Hi there. My father died from MND in 2006 after a two yr battle, he had ALS but with bulbar symptoms so lost speech after first year and swallowing etc, was PEG fed and all that goes with it. It is truly crap, I can think of nothing more cruel. The MNDA assoc are brill and I would also recommend getting care packages, various therapists (speech etc) involved asap as it all seems to take an age to get organised...we did not get the medical bed until 3 months before he died and 24 hr at home care in the last week only. "Rowing without Oars" is a great book by a younger women with it, my sister and I found it very helpful. Please PM me if you want any info or want to scream and shout about how crap it is......hugs to you! XX

Mayanbob Fri 01-Feb-13 07:43:05

Cuggles- your dads story sounds similar to my dads, who died in 2003. I' echo comments about MND association. We still raise money for them now- we are so greatful.

Again, caramel if you want to PM me, please do so.

mypussyiscalledCaramel Thu 16-May-13 23:15:36

I have just wandered back to this thread, after a long break, due to my mh issues. Thankyou everyone for your replies.

Mum has to use her ipad to communicate all the time now, although sometimes I can understand her. She has an mnd nurse and has a disabled badge, so she can legally park anywhere. She uses her peg all the time, so if we go for tea, we eat away from her.

She spends most of her time doing sudoku puzzles and is knackered by about half five.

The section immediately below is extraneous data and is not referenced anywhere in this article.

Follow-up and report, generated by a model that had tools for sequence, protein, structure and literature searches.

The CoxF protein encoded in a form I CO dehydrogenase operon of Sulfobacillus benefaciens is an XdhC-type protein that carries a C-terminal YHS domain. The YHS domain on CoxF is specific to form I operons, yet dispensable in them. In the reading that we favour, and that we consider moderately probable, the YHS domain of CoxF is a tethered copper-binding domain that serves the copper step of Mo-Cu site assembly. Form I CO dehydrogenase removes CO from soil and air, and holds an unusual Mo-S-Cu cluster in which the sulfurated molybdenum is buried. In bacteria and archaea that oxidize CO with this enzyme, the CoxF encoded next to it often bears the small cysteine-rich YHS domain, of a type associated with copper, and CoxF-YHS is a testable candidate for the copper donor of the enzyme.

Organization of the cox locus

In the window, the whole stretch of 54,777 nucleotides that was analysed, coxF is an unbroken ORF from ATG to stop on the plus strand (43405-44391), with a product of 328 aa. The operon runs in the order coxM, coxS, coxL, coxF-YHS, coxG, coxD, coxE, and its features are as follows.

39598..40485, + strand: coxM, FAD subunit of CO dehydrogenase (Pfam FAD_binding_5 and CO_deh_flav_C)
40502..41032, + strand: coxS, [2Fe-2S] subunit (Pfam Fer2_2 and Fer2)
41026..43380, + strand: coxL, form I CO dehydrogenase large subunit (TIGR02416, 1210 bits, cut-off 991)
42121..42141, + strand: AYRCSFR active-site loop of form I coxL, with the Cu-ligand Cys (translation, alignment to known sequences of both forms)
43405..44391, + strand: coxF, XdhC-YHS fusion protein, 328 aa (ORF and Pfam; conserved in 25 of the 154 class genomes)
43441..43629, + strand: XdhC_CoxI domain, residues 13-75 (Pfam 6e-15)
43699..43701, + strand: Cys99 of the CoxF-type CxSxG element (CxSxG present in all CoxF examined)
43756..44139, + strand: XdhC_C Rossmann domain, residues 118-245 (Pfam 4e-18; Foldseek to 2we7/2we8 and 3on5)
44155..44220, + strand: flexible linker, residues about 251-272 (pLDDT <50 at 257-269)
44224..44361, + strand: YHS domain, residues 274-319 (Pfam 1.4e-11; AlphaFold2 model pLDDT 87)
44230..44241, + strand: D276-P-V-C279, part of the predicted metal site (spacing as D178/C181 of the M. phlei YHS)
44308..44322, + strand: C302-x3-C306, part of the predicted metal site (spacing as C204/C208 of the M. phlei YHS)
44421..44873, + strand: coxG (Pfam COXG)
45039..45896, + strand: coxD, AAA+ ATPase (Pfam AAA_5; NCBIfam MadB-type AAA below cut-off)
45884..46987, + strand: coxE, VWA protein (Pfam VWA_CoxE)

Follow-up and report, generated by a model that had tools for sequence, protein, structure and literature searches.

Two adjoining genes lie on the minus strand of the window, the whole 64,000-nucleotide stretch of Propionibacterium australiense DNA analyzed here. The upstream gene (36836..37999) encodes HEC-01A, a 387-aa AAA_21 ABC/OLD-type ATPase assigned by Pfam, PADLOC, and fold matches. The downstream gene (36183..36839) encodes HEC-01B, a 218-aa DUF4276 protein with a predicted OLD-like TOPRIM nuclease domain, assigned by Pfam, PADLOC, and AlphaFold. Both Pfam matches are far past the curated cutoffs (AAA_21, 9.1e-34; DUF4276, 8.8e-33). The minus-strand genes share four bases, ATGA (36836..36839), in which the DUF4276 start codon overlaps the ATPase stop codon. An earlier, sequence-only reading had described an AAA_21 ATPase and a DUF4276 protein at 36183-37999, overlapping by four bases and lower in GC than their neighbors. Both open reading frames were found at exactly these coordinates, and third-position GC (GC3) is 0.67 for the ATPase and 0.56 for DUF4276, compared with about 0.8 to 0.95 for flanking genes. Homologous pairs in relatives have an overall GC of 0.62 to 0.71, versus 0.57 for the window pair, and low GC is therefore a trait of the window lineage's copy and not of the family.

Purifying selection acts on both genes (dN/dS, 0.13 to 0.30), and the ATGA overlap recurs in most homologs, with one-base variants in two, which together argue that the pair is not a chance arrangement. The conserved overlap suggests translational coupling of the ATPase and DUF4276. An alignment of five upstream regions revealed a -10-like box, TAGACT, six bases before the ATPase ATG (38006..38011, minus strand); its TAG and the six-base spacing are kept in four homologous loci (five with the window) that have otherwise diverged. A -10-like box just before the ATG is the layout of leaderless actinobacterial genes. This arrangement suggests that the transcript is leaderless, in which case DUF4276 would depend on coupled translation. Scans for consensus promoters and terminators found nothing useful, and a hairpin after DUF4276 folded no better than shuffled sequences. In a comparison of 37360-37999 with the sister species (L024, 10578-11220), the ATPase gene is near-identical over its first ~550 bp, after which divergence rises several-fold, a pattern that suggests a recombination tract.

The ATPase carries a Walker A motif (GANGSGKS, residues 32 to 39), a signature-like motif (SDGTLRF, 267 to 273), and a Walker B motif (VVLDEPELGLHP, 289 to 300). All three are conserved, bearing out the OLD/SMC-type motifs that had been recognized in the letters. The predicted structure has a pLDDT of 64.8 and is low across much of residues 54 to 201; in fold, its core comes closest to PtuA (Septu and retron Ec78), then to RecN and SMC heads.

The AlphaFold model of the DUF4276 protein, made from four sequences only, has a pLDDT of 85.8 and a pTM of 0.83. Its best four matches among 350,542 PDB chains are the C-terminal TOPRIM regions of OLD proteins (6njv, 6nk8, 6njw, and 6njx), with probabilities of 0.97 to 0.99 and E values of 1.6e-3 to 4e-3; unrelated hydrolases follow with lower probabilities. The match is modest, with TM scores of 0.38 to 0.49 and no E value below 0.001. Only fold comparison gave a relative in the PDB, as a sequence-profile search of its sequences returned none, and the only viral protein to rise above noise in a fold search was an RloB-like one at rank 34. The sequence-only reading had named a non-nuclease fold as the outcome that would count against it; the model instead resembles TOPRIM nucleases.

I went for a coffee with my stepmum ( my mum is gay) and she was telling me that my "lovely" sister was expecting mum to stay up way beyond what she was capable of. She lives up North so she doesn't see Mum much, but I never realised how deeply selfish she could actually be.

I would be amazed if she came down this way at all once Mum has gone, we're too provincial, you see.

At least I know that Mum can cope with my boys easier because they are quieter. Whenever we go round DS2 always makes a beeline for her and they sit playing on ipads and he will even mirror her postures.

A lot of people now treat Mum as if she is thick and either talk over her or ignore her completely. I hate seeing that, so if she is sat on her own I will always go and talk to her.

DS2 took his mnd workbook to school again today, apparently there were some people who didn't know what mnd is.

I think I have a mini me on my hands, he is compassionate, empathetic and artistic and is a stubborn little bugger at times. Just like me.

LadyMacbethWasMisunderstood Fri 17-May-13 15:26:07

My uncle had MND diagnosed in 2003. He died a year later. But I think for him the diagnosis came quite late.

My mother and her siblings were his main carers.

The MND association was really helpful to them.

It's a dreadful illness. It sounds as though your mum is quite positive.
The communication issue is something to prepare for as her function declines. As hard as it is try to anticipate how you will communicate if her hand control gets worse. I loved my uncle very much (he had no children and I was like a daughter to him). I found the declining communication very hard. He was a funny man, quick witted, and was frustrated by this too.

There was some evidence that creatine supplements might help delay deterioration. My uncle had them. I can't say they really helped him. But others thought they assisted.